Rachel Shockey

RachelSsmActivist Profile: April 17, 2013

Where do you live now?

I’ve lived in Northern Kentucky, five minutes south of Cincinnati, for going on 14 years.

What are your favorite things to do outside of leafleting?

I love going to the beach, reading, watching documentaries, traveling, spending time with friends, and volunteering to help animals and people.

Who has been / is a major influence in your life and why?

So many people inspire and have influenced me that it would be impossible to pick just a few. I’m inspired by anyone who is working and sacrificing to make the world a better place. People who have been through difficult circumstances but still choose to reach out and help those around them also inspire me. Activists, both current and from history, have inspired, motivated, and encouraged me to never give up and keep working to make a difference because change is possible and necessary.

How long have you been involved in animal rights and how did you get interested?

I watched Meet Your Meat in high school and was horrified, but was unsure what to do, so I pushed the images to the back of my mind. Five years later, while I was reading a book completely unrelated to animal rights, I decided to rethink my food choices. I decided to try being vegetarian for a day, and I ended up never looking back. A year after going vegetarian I began to get involved in animal activism in Cincinnati. So far I’ve been involved in activism for a year and a half, and it’s been amazing!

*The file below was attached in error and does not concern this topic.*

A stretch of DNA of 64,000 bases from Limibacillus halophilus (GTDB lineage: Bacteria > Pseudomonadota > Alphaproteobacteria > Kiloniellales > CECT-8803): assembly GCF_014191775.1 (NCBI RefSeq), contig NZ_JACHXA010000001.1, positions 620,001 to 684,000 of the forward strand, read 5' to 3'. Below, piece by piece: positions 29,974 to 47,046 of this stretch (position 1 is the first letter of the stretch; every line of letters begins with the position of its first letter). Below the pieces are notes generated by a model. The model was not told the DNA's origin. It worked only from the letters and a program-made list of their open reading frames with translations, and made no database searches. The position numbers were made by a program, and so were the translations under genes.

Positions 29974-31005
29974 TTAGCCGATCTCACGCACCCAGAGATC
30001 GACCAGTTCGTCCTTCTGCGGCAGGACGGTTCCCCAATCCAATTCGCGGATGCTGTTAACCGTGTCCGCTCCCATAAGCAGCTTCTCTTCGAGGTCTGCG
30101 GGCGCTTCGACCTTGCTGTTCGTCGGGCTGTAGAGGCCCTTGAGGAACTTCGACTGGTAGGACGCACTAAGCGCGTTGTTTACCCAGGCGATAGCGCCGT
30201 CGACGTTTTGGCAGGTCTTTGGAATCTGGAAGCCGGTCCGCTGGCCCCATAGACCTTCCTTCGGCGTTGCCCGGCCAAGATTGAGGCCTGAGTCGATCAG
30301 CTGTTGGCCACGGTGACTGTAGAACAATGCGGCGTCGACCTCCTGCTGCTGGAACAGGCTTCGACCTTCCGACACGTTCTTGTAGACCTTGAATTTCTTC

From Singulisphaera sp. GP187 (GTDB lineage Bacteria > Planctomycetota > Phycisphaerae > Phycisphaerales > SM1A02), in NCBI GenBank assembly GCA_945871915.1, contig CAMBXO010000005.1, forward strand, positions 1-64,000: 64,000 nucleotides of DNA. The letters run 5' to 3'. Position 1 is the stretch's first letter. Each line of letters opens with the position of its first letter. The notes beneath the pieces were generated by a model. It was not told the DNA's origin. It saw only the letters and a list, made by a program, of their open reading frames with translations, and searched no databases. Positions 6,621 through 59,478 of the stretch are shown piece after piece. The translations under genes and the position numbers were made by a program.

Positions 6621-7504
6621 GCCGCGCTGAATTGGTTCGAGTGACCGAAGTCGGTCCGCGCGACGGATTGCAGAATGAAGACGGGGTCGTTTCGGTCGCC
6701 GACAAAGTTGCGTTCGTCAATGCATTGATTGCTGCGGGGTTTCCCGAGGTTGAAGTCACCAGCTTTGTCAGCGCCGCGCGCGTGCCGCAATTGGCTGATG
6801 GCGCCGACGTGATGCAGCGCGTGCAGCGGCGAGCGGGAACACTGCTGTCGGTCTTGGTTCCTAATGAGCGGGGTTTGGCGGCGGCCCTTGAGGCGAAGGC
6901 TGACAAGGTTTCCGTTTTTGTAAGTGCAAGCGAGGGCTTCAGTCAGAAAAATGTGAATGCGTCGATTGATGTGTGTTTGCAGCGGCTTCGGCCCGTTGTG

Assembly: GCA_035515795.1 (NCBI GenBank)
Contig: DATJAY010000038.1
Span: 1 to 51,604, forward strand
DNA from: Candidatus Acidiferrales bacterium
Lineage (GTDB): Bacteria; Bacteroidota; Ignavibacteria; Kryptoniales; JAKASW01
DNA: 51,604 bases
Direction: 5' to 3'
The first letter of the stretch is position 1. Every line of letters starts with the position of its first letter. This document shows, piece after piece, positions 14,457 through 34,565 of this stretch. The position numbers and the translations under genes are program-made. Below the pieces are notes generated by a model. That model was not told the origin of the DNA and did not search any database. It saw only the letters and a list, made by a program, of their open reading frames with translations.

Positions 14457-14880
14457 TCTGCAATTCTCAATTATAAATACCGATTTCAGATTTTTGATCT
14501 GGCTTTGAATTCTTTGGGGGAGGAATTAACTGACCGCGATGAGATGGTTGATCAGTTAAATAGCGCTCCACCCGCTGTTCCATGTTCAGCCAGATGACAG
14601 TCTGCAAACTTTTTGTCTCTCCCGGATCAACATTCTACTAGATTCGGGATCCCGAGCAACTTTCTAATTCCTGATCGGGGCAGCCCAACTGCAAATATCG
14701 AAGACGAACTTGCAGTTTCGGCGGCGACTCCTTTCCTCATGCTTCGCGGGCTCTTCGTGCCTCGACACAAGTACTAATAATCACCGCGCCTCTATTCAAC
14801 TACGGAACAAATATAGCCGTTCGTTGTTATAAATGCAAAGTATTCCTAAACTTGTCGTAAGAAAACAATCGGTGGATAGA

What was your most positive leafleting experience?

I’ve leafleted a few Pride parades, and it has been my favorite venue so far. The atmosphere is one of excitement, love, acceptance, and solidarity. Also everyone is friendly and open to getting a leaflet. It’s so great to spend the day leafleting with other activists and supporting the LGBT community, two causes that I love and support.

What would you say to individuals hesitant about leafleting?

I would say that I was also hesitant to leaflet at first. But after making myself get out there, I was excited to see the positive responses and know I was making a difference for farm animals. I would also encourage them to get out of their comfort zone.